be using. So there's an art that you bring to it. And art demands is risk taking, getting out there and taking chances sometimes being confident in silence. Being confident when things aren't going
well that you might actually need to move into conflict rather than away from it. It takes risk taking to be an artist who put yourself out there on the canvas. It's also a craft, there are a lot of
tips and techniques like wordle, how large your should print, whether you should use a red marker or not, I mean there's crazy craft stuff, you know, about how to do it and there are a lot of great
trainings. And there's a science to it. There have been this research about stuff like what really moves people to creativity. There's a great group out of Creative Problem Solving Buffalo New York.
And they've looked at silence, when a group is brainstorming, what classically happens is they dump ideas that are familiar and they hit a point where they either get silly or they get silent. If
that's a facilitator, you go through that, then what happens is they go to novel ideas but not very useful. They often get silly and playful. And then if you go through that, they get both novel
ideas and useful ideas. That's what you want with creativity or they validate and grow ideas that they've had before that are useful ideas. So there's a science when people have actually had studied.
How do you get a broader range of thinking, how do you get agreements that stay, that people actually implement, they've studied the science of it. And it's very much about leadership, very much
about leading process, leading learning to enable and I think of these three continuums, optimal human interaction, optimal task performance, actually creating a model transition program. Actually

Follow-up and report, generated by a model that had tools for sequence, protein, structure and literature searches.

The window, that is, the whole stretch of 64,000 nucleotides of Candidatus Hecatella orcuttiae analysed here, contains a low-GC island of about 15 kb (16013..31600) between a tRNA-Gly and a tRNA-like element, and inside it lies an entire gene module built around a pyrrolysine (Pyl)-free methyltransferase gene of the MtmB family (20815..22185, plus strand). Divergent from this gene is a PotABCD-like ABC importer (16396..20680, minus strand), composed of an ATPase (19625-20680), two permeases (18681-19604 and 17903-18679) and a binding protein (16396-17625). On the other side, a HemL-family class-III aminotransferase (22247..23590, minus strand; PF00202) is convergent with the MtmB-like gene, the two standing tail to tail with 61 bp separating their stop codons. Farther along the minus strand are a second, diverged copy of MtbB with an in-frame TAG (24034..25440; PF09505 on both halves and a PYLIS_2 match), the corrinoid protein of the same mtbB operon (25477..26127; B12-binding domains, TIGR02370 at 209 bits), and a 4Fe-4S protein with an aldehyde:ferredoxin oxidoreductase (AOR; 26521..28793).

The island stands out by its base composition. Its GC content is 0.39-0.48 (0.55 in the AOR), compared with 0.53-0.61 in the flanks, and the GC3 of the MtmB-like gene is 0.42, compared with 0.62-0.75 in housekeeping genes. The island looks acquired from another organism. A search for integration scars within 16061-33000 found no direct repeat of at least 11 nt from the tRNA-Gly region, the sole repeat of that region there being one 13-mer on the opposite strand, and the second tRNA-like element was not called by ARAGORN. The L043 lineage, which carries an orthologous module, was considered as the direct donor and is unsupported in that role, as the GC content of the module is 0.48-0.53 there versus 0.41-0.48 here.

being able to make an agreement on a behavior support plan that will be implemented. So it's very much about task performance and it's about optimizing learning, the piece that you picked-up about,
it's really a lot about people learning individually and collectively. And out of that, if you're able to across time, across experiences, get a group to work optimally together, the people dynamics
in communication. Get them really high on the task that they're trying to achieve, a good functional behavior assessment, building meaning off of that. Implications for a good behavior support plan,
building meaning off of that, reviewing their data, reviewing when a child was restrained, used physical intervention coming back together as an IEP team, revisiting it, going back when they're
repeating those kinds of tasks that at overtime, they're learning together. And it's learning that translates into change. It's learning that translates into heart and people doing things different.
I believe as an educator. And that's where results come from. So that's the way I think of facilitation. Let me ask about your experience with facilitation. On a scale of zero experience to five, I
have facilitated so many groups you could be right up here with me training or somewhere in between. I have some level of experience with facilitation. Where would you say you are right now. Throw it
a fist of five, zero, some, five, somewhere in between? Look around the room, we have a lot experience in here. Let me ask another question. In terms of where you learned to facilitate, would you say